Societe Generale expects results to recover in 2010 with lower bad risk write-downs after posting weak fourth-quarter results and rattling markets last month with a profit warning.

SocGen shares fell 4.7 percent as analysts said the lackluster results showed it had some way to go to catch up with stronger rivals, with JP Morgan analysts describing the bank as a restructuring story.

France's second-biggest listed bank has had to trim back much of its previously-booming investment banking activities after taking bigger hits than many of its rivals from the global credit crisis.

The company on Thursday reported fourth-quarter net profit of 221 million euros ($303.4 million), up from 87 million a year earlier and ahead of a consensus forecast of 150 million euros, but below its third-quarter net profit of 426 million euros.

It cut its dividend to 0.29 euros from 1.2 euros. Shareholders can opt for a scrip dividend.

In January, SocGen said it was only expecting a slight profit for the fourth quarter after taking a new 1.4 billion euro hit on risky assets.

The group, which suffered a 4.9 billion euro rogue trading scandal in 2008, has been weighed down by its exposure to toxic assets such as collateral debt obligations (CDOs) although it expected fewer writedowns this year compared with 2009.

The bank has been shifting back toward less risky retail banking, but fourth-quarter profit at its French retail banking unit fell year on year.

2010 is likely to be marked by a sharp rebound in the group's financial results due notably to the gradual elimination of the impact of the financial crisis, SocGen said in a statement. It also expects better results at its domestic and overseas retail banking divisions.

SocGen's fourth-quarter net profit was a fraction of the 1.37 billion euros reported for the same quarter by BNP Paribas , France's biggest listed bank, on Wednesday.

It also paled in comparison to Deutsche Bank's fourth-quarter net profit of 1.3 billion euros and profits of $3.3 billion and nearly $5 billion at Wall Street banks JP Morgan and Goldman Sachs respectively.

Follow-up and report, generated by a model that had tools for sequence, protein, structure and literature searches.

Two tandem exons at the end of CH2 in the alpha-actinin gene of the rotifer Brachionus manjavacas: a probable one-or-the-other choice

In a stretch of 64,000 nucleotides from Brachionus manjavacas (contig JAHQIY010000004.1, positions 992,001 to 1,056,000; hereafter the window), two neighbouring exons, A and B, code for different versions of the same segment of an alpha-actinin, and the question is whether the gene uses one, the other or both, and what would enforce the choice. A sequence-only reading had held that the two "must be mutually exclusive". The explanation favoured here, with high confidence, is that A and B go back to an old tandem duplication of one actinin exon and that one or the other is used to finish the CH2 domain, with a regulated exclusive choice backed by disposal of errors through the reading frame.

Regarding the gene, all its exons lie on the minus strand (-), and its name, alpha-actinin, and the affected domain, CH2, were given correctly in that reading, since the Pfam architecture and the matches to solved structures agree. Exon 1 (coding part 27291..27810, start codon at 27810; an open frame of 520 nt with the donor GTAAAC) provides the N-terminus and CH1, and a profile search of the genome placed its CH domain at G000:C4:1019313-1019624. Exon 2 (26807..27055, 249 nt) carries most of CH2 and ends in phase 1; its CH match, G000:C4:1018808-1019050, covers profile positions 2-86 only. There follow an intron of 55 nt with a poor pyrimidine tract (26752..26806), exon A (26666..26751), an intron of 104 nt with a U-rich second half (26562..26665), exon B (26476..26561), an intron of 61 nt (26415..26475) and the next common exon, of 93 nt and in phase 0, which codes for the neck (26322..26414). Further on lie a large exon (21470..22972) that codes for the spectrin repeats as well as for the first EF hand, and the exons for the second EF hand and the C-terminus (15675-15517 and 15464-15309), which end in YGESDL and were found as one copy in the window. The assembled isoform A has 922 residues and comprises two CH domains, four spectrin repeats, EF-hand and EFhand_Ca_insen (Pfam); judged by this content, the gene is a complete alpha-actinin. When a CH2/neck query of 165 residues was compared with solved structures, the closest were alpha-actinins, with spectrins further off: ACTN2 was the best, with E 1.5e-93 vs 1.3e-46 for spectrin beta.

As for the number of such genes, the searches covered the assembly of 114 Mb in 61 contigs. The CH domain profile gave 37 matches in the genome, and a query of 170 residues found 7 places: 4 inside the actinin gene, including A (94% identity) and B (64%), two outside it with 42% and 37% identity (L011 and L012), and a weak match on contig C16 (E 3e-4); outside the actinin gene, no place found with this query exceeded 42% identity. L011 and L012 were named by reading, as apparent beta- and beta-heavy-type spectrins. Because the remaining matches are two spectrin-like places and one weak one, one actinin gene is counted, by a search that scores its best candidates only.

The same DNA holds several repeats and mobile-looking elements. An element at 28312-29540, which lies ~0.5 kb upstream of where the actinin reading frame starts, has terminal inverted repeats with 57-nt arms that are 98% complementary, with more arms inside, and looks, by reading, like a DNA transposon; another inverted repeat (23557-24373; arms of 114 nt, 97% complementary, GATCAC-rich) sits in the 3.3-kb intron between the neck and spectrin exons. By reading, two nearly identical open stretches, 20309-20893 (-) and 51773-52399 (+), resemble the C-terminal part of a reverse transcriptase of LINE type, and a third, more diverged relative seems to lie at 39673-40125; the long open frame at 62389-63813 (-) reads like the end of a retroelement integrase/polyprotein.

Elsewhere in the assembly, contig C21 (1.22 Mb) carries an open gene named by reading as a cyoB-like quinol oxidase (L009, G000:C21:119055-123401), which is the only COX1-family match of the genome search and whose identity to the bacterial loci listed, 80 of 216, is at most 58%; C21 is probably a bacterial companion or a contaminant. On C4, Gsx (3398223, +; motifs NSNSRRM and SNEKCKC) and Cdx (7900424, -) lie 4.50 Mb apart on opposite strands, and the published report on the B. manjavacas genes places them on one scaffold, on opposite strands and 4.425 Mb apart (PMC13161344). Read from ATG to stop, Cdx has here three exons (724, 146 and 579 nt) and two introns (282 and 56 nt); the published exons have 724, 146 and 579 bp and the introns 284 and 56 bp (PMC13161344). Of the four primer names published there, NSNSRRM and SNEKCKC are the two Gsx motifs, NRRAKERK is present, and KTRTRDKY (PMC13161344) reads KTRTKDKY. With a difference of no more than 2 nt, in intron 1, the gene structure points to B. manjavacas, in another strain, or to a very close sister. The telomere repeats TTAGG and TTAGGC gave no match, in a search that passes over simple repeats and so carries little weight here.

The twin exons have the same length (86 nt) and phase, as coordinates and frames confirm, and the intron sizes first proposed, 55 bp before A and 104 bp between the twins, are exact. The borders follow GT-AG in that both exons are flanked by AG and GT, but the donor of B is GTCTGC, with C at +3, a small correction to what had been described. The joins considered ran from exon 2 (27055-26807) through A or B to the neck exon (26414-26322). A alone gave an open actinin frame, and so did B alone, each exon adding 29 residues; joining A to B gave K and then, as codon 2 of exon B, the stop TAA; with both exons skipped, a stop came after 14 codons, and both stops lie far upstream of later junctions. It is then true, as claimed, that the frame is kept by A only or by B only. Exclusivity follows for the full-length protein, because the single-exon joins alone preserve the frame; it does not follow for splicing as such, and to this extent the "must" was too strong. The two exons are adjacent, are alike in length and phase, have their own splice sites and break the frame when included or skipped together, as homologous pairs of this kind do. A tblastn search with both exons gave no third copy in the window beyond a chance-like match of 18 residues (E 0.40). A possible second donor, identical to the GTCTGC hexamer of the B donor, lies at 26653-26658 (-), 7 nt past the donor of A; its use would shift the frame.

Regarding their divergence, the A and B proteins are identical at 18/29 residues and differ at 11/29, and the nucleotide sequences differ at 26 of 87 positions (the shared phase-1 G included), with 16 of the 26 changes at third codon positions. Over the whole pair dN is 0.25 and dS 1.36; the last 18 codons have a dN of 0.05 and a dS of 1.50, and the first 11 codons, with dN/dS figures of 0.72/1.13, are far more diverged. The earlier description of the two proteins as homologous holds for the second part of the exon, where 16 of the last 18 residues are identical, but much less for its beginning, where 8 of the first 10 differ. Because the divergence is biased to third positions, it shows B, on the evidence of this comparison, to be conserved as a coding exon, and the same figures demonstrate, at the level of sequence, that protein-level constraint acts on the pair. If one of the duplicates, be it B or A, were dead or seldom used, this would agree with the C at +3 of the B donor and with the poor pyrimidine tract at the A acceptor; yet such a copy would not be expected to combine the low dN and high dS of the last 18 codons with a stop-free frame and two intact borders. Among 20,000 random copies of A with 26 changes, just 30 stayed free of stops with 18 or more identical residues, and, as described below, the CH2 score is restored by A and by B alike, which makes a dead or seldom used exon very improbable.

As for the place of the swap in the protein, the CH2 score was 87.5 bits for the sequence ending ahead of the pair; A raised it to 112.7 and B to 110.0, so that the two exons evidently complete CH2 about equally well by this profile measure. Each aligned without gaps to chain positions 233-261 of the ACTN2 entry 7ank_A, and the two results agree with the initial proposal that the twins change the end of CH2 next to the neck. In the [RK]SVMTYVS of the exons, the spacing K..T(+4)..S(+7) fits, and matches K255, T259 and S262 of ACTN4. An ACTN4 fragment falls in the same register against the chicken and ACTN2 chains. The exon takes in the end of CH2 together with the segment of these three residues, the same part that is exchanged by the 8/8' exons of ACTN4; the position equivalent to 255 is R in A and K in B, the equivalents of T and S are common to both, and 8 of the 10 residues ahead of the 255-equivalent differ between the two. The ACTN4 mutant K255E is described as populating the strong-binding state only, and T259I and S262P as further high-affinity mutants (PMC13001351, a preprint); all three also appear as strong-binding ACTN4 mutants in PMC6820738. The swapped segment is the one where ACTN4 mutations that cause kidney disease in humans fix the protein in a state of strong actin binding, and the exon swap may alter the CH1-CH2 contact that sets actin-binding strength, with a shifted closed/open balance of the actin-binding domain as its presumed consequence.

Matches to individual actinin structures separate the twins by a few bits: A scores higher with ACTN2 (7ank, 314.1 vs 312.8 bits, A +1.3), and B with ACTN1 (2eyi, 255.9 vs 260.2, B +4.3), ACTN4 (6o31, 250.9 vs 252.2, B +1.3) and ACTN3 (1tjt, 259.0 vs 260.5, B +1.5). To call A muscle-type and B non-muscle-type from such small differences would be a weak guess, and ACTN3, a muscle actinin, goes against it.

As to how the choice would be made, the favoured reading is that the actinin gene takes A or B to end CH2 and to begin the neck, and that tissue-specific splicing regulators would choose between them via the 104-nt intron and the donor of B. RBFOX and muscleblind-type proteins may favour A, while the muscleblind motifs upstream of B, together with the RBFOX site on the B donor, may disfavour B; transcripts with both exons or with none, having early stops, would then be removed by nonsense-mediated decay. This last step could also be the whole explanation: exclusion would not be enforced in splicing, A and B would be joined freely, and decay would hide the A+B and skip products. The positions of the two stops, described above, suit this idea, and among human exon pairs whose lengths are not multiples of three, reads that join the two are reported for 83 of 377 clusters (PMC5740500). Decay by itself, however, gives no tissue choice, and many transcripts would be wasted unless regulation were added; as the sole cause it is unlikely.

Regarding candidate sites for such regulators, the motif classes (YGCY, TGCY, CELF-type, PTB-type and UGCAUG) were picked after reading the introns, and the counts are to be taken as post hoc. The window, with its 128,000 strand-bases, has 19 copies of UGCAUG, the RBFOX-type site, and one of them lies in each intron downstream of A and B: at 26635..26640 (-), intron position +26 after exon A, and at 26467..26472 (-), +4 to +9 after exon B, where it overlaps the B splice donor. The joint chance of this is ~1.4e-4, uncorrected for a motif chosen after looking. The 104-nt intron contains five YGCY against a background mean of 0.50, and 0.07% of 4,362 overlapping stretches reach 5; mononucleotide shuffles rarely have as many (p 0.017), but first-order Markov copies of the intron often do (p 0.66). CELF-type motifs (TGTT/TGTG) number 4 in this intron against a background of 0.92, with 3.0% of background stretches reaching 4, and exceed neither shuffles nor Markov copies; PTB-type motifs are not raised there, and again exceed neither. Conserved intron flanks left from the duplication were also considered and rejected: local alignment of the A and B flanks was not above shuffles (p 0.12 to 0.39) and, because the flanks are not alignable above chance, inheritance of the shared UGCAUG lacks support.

SocGen fell as much as 5 pct in morning trade, and were trading down 4.7 percent by 1100 GMT, underperforming a 0.4 percent rise both in the DJ Stoxx European bank sector <.SX7P> and on France's benchmark CAC-40 index <.FCHI>.

Brokerage Nomura kept a buy rating on SocGen shares but described the bank's results as disappointing.

The market might conclude that it wants to see delivery of cleaner numbers before re-rating, it said in a research note.


The French group added it had agreed with its Russian partner Interros to combine Rosbank and SocGen's other Russian units into a new single entity which would be 81.5 percent owned by SocGen.

The new unit would employ 30,000 people and become Russia's fifth-biggest bank by the size of credit portfolio.

We want to create a bank of reference in Russia, Chief Executive Frederic Oudea told French radio BFM.

The investment banking division has been weighed down by writedowns and posted another loss during the fourth quarter.

Like many banks around the world, France's lenders have come under political pressure to make moderate bonus payments. France has also joined Britain in imposing a tax on trader bonuses.

Oudea said SocGen had set aside 250 million euros for its 2009 traders bonuses -- less than the 500 million euros set aside by BNP Paribas.

SocGen is in the midst of a potentially damaging legal battle with one of its former top fund managers.

SocGen's American fund management arm TCW fired and filed a law suit against chief investment officer Jeffrey Grundlach. He has since sought to countersue.

($1=.7283 Euro) (Additional reporting by Juliette Rouillon in Paris; Editing by Marcel Michelson and Jon Loades-Carter)